Telcollaborative teacher training project

In this task sequence
teacher trainees develop media competence and teaching competences by designing tasks for telecollaborative learning environments. One focus is on integrating technology into the task design, another is the development of intercultural communicative competence. The task sequence is made up of three tasks or steps. Students work in international teams with 1-2 students representing the different institutions in each team. After a getting-to-know task (task 1) they design an intercultural activity
(task 2) that allows their learners to learn more about their partners in a telecollaborative project. In a final task (task 3) teacher trainees design a technology-based task to allow learners develop multiliteracy. While groups work with various media in all three tasks (for example presentation tools, such as glogster, prezi or sliderocket or cooperative writing tools such as storybird), they use weebly – a tool for website design – in their last task to design and then present their tasks in class.

Teaching and Learning Multiliteracies through Online Communication in Multiple Modes

This task sequence will allow student teachers to develop media competence and design tasks for telecollaborative learning environments. The task sequence is made up of four tasks or steps. Students should work in international teams with 1-2 students representing the different institutions in each team. After a getting-to-know task (task 1) they explore different online tools to develop their e-literacy skills (task 2) before they develop teaching competences using these tools. To make students aware of the various aspects and the potential of multimodality they are then asked to analyze a website looking at issues such as content, communication modes and targeted user groups (task 3). Based on their acquired competences the pre-service teachers then design a collaborative learning task for their future learners which focuses on developing learners’ multimodal competence as well as intercultural communicative competence (task 4) by using the tools they have used in task 2.



Discussing Cultural Content via Chat

The eExchange Giessen-Hong Kong has ESP students who are preparing for a year-long study-cum-work stay in the German-speaking parts of Europe work with students of a German as a Foreign Language (GFL) seminar. Being aspiring teachers of GFL, the latter use the exchange to work with Internet applications for pedagogical purposes, developing teaching competences in the process. The Chinese students work with content on an open online blog which was created by the Giessen students for people who are interested in attending a German orientation course, an initiative of the German government to promote integration (Orientierungskursblog [OK-Blog]). By discussing the blog’ s content with their partners and tutors in Germany Chinese students develop their language and cultural competences and Giessen students develop competences as online tutors.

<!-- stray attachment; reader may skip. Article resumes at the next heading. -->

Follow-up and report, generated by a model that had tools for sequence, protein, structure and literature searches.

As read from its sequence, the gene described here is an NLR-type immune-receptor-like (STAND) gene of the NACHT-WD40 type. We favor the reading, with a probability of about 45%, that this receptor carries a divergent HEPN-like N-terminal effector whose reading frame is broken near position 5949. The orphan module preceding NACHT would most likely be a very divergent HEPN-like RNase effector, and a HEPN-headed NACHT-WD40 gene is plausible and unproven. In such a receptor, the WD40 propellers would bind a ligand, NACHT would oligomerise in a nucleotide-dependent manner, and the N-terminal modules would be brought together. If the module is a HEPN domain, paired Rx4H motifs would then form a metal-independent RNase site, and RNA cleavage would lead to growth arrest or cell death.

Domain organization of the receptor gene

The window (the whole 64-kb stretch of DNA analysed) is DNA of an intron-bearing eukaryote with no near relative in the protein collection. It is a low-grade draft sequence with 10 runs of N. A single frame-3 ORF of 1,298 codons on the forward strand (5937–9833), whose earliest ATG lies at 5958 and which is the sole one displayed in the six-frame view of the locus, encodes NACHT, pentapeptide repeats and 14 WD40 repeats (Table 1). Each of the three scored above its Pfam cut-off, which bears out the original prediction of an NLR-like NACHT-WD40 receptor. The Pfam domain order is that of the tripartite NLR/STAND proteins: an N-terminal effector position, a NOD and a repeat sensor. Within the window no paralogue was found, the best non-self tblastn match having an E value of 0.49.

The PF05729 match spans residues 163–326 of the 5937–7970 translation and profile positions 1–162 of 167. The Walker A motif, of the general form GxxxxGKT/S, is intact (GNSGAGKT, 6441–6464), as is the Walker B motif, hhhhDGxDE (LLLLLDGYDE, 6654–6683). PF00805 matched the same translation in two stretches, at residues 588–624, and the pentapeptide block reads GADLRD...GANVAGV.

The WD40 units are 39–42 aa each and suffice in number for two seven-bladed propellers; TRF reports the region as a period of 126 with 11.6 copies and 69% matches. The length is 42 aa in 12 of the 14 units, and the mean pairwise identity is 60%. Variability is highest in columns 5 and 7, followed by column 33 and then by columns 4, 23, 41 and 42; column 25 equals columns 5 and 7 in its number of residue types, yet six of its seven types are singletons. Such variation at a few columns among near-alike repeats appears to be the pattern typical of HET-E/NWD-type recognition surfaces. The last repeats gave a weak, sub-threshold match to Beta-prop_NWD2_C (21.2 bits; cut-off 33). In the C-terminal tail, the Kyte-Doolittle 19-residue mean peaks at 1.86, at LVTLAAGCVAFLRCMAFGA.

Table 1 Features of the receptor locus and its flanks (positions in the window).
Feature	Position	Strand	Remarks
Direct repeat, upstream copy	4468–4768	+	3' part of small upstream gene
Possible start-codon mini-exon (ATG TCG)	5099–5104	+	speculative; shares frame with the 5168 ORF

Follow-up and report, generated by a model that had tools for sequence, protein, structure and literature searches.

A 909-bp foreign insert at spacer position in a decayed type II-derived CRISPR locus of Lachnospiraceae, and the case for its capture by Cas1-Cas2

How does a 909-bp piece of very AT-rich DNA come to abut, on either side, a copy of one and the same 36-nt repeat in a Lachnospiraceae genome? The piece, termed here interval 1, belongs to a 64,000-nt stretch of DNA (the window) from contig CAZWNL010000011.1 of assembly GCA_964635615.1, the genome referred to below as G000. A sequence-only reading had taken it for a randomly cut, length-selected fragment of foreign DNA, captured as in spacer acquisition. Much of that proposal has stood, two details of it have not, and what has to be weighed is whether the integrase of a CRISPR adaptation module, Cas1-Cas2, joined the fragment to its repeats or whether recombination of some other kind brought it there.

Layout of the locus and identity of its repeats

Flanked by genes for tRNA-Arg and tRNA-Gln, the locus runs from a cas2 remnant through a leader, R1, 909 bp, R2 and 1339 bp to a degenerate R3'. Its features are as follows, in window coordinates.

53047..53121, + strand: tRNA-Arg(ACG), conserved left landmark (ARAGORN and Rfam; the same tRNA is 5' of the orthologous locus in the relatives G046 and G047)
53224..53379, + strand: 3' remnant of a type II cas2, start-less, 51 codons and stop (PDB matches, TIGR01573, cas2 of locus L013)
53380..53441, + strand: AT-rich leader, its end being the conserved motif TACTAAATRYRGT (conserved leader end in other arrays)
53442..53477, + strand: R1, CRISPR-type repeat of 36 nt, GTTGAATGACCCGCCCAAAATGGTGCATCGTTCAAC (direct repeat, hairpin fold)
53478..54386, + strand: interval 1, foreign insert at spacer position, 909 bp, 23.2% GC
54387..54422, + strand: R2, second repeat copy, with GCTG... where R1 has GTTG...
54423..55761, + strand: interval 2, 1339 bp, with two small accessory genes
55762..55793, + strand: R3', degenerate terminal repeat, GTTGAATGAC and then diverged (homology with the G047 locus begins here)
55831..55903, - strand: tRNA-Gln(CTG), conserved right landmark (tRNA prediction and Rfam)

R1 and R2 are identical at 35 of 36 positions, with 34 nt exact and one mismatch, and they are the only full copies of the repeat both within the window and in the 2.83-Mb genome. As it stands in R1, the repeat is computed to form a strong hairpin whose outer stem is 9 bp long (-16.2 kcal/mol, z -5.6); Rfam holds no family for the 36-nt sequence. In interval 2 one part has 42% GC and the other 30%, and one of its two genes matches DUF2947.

Creating a Chain Story

Students can collaborate to create a story asynchronously by passing the story back and forth across several sessions. Each student begins a story, and then sends it to the partner for continuation. This back-and-forth story swap can occur once or as many times as assigned.
Stories can be co-authored that feature particular aspects of culture (fairy tales, fables, ghost stories, etc.) or that feature particular aspects of language (vocabulary, genre transformations, etc.).

A useful platform for this activity is the website &quot Storybird&quot at storybird.com. The teacher can set up accounts for students, or they can create their own accounts. Students use the vast database of artwork to illustrate their stories, and they can easily invite partners to contribute to the story from within the platform.
Another possible technology that could be used include Google Docs slideshow presentations that support static image and text.